failure of retention schemes (Brownill, 1990). The shift in the political scenario shall also not be advantageous, the future cabinet is expected to comprising of representatives from suburbs and South East, and therefore these representatives shall not share "same commitment to high levels of regeneration funding, particularly if economic circumstances demand a squeeze on public spending" (Cross, 1993). It is important that realistic approach shall be adopted to ensure optimum utilization of the available opportunities. It is important to initially settle the objectives into list of practical and non-practical items. It is evident that the current government "cannot guarantee to regenerate every town and every city in Britain that has fallen behind". Every location has its strategic and economic significance, and two cities at different locations shall never share similar significance, this is natural phenomenon and has contributed towards mass migration of the dwellers in the past. Britain has to face the truth that the locations, which previously exhibited potential for investment in 19th century, are insignificant in the current economic and strategic setup. The general consensus among the legislatives exists that "port cities had an advantage in an era when exporting manufactured goods by sea was a vital source of prosperity; today the sea is a barrier to their potential for expansion and they are cut off from the main road transport routes" (Cross, 1993). The isolation of Britain from the rest of the Europe was previously considered to be strategic success of the country in terms of defence, but economists regarded this is an unfortunate limitation for the great Britain, therefore concrete measures have been undertaken for the establishment of civil structure which shall unite the rest of the Europe with Great Britain, such initiative will definitely give focus to the cities closer to the European continent against the cities British lying on the other side. As per economists, "the economic pull of Europe has boosted the South East at the expense of the North, Wales and Scotland" (Brownill, 1990). In the last century, London was the financial homeland of the country, and Manchester was textile-core. The current status of these cities are remarkably different, London has outshined due to prosperity associated with finance however Manchester has been out of loop as the textile market have downsized due to rising textile trade competition on international scale.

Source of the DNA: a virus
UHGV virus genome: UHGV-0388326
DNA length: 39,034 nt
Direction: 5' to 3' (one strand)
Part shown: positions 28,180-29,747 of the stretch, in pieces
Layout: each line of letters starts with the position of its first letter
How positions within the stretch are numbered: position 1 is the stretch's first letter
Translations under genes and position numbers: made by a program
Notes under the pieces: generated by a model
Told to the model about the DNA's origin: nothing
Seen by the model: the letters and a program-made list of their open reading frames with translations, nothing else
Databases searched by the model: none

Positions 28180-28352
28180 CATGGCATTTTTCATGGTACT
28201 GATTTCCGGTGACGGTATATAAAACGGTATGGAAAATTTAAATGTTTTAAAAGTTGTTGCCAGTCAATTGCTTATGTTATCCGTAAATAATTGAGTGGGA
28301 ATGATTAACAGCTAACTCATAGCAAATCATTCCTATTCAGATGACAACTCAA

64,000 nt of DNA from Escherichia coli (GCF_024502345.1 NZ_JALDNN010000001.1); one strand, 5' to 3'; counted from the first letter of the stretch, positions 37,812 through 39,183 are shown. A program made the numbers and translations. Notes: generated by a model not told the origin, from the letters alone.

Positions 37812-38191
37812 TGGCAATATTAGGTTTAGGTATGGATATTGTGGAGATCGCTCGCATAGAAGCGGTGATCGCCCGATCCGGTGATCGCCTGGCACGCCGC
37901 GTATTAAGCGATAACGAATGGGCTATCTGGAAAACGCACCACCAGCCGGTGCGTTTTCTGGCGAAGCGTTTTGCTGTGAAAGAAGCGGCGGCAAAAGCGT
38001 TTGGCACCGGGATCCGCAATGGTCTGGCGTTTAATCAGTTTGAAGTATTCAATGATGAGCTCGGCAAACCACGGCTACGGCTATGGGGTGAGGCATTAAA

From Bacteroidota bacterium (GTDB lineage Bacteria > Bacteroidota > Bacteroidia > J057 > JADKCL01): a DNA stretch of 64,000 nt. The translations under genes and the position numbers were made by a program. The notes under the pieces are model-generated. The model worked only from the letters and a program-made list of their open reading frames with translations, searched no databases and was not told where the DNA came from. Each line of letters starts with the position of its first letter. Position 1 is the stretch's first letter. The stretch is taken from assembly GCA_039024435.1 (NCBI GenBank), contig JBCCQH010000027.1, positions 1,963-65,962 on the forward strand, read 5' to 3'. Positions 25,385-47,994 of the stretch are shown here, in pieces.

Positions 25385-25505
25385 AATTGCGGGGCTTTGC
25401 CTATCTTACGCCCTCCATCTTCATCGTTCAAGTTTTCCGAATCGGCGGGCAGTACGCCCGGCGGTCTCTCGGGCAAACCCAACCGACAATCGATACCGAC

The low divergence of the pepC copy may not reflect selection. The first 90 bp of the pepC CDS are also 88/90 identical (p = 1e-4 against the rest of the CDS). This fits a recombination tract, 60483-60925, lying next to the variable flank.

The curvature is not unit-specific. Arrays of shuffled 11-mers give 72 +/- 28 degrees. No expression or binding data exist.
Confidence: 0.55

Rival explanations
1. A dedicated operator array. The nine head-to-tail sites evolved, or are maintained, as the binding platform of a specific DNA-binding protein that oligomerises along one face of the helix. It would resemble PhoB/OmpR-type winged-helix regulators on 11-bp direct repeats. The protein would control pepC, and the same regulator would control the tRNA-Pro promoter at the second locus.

London Dockland Development Corporation: Regeneration Plan - Development and Implementation
The regeneration plans previously undertaken did not provide futile results, "many re-generation towns are shrinking". The policy of demolition which actually seconds regeneration plans shall be ceased, "it is expensive and is failing to transform local housing markets" (Cross, 1993). The appropriate solution in this regard shall be procurement of the cheap lands by the government on open market, this property then shall be exchanged with other groups or partners in exchange for "an equity stake in the expanded property" (Foster, 1999). As per rule, the houses constructed or restructured in the regeneration towns are relatively small; such scheme "would not have to bear the costs of demolition or pay for compulsory purchase, and increases the average size of a house has obvious appeal" (CRE, 1989). Such practice is recommended in the case of